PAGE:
Since Pakistan, a predominantly Muslim state came into being, women have been wearing what they consider an appropriate according to their religious norms. However, over the years it has undergone many transformations and changes.

From the pristine white cotton dupattas of the early years to flowing chiffons from France, this piece of garment has become more than just a cover and cultural more. It became a fashion statement and an adornment. Till then it was used to cover the breasts and heads of women from the gaze of lustful men and ensure their modesty. Then came a veritable explosion of designs and colours.

Pierre Cardin came from Paris to design the uniform for the PIA air hostesses and suddenly all young and bold enough to emulate, were wearing slim flared pants and tailored scarf-like dupattas over form-fitting tunics.


France started production of silks and chiffons in the same designs and Pakistani women began to wear patterned chiffon dupattas with their matching silk outfits. The idea was taken up by local designers, and block printed outfits with beautifully patterned dupattas were in great demand.

Fabrics of all hues, colours and designs were being used. Designs which were considered ethnic and indigenous to their regions of origin became popular and fashionable all over the world and finding expression in dupattas worn by girls in cities and urban centres.

How did the dupatta originate? Where did it come from? What were its predecessors? These are some of the questions which come to mind. It is safe to assume that ever since our ancestors, the hunters and gatherers of food, discovered agriculture, gave up their nomadic existence and settled down in one place, their prime concerns were the production of adequate food and shelter and protection both from the elements and the environment and the dangers lurking therein.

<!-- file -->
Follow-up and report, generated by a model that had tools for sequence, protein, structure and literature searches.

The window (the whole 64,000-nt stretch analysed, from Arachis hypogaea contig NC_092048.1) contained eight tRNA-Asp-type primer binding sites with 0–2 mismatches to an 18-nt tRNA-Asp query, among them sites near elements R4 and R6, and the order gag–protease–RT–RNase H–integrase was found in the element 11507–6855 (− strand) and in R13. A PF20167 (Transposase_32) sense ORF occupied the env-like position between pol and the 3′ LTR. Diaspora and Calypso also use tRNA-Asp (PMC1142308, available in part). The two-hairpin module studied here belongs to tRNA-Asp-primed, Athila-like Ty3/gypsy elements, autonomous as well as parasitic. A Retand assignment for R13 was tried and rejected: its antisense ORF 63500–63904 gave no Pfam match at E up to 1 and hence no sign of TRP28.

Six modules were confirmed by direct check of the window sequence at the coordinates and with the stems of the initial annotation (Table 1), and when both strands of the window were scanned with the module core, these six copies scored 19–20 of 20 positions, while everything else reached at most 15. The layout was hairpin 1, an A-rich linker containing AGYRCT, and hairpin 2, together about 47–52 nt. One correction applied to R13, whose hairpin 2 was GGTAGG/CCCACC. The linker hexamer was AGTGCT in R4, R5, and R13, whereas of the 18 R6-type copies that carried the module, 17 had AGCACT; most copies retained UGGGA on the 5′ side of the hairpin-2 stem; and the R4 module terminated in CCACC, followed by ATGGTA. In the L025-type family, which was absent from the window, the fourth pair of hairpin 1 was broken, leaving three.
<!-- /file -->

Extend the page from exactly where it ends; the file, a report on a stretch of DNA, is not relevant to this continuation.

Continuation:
Along with its many designs and fabrics, dupatta has as many meanings and uses. It is as inextricably intertwined with our joys and sorrows, our celebrations and various rites of passage in our lives as it is with the clothes we wear. What began as a shoulder mantle or wrap for protection against the sun and cold soon found other uses as well.

These early settlers soon discovered that fibre could be made from plants, trees and animal hair, and began the manufacture and use of cotton, wool, hemp and jute for their clothing and items of daily use, such as rugs and floor coverings. The first and most skilled of these were the people of the Indus Basin, our present-day Pakistan.